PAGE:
Archive for August, 2019

Hotel California

Saturday, August 10th, 2019

So, I was going to drop this in the circular file, but Bunne convinced me that the world might appreciate this particular type of screwed-up-ness. So here you go:

Hotel California

Bunne described this as “This evokes not so much the cynicism of the original as it watches a soon to be bygone era fade from the cultural radar screen, as it does a melancholy for an era that may have never been, It’s a parsing of a paint by numbers approach to nostalgia we have come to view as fact and it sort of dismantles it’s premise with a sense of grasping for something that may have not ever actually been. It’s an dour anthem for the people who tend to fall through the cracks of the “cool scene” and I like the arrangement a lot.“.

For me, the funniest part is how you keep expecting the solo to end, but it doesn’t, instead jumping to even more absurd levels of Sheerishness – by the end it might even be bordering on Mozart’s “Too Many Notes”.

The problem with computers and networks

Sunday, August 4th, 2019

So, one of the things I’ve been saying is that one of the necessary ingredients for a successful collectivist system is good computers and fast networks – and also a *lot* of software designed to protect against corruption and against dictatorship. I could write a book on that subject alone – and maybe I will – but for the moment, I want to focus in on one particularly broken thing which is why I’m thumping the drum so hard for collectivism.

I have friends both in high and in low places. I have hung out with billionaires and with hobos. One of the things I observe is we have made the hoops you have to jump through in America way too difficult to clear – and the billionaires don’t know this, I don’t think, and the hobos do. I seldom see it spoken of, but one of the problems with good computers and fast networks is that it gives the human race perfect memory. That’s a good thing when we’re talking about capturing the latest performance of a musician or ideas of a scientist but it’s not so good when we’re talking about the economic systems.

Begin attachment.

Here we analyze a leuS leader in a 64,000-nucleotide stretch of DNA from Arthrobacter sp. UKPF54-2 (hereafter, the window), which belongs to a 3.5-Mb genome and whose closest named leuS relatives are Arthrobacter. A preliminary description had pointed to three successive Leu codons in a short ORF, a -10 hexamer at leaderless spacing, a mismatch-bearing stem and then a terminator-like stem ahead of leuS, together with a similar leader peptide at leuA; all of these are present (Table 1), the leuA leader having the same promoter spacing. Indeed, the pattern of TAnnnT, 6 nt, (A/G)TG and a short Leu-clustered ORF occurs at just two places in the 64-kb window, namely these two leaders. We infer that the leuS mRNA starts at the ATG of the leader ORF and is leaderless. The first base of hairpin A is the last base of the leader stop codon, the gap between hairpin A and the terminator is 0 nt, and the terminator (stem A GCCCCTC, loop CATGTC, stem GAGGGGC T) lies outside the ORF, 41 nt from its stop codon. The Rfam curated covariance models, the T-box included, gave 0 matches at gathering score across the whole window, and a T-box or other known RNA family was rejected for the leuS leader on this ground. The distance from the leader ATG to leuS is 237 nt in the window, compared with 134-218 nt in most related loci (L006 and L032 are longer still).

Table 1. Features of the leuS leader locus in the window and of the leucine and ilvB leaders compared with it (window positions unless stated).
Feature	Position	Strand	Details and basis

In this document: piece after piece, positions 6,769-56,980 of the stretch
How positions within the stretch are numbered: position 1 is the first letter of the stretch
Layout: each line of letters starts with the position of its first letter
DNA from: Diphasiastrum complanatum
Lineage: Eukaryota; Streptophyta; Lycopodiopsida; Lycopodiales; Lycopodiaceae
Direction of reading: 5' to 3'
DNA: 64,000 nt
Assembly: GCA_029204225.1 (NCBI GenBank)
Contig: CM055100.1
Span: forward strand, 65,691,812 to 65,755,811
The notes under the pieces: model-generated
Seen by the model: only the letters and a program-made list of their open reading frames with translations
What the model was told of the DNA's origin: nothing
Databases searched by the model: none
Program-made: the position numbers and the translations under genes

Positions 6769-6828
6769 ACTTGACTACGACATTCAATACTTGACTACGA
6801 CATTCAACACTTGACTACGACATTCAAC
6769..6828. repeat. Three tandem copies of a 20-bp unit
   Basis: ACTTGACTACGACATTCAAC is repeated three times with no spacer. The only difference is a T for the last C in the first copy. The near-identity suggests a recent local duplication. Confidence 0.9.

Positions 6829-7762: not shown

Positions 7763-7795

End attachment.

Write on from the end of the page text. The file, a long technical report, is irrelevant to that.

One thing I’d like to point to – if you rent, and you get evicted, you have a *extremely* short list of places that will rent to you – maybe none in some big cities. Make one mistake, and you’re homeless. And the people who maintain this system feel good and smug and happy about it – but it adds to the chains that make us all a slave. There’s not a lot of margin for certain types of error in America, even though some people are inclined to make certain types of error. We’ll hand you a credit card without explaining compound interest to you, we’ll let you get evicted before we tell you ‘welcome to the ranks of the homeless’, and we’ll charge you with a felony for very small and stupid stuff and then tell you ‘welcome to the ranks of the homeless and unemployed’. And then we’ll throw you in jail again for not having a job.

We need to be a little more forgiving here. With evictions, it should probably be three strikes and you’re out, and after the first we offer you some counseling and education about financial management.

We act as if the human race is barely holding on – as if every dollar counts, as if we’re all about to starve. The media has programmed most of the people here to be horrified that a bum might be getting a free beer somewhere. But the truth is, humanity is the dominant species of earth. We’re so rich it only takes 5% of us to feed all of us, and we can use robots to build houses for us at this point. We’ve just been programmed to believe being horrible to each other is the right thing to do.

I’ll go on more about collectivism later because I don’t want to get sidetracked here, but I do think it’s important to recognize that we have built a system that for no good reason throws people under the bus at every opportunity, and then remembers that it has done so and refuses them again and again. This *costs us all*. People who are frightened don’t take the kind of risks that enrich all of humanity.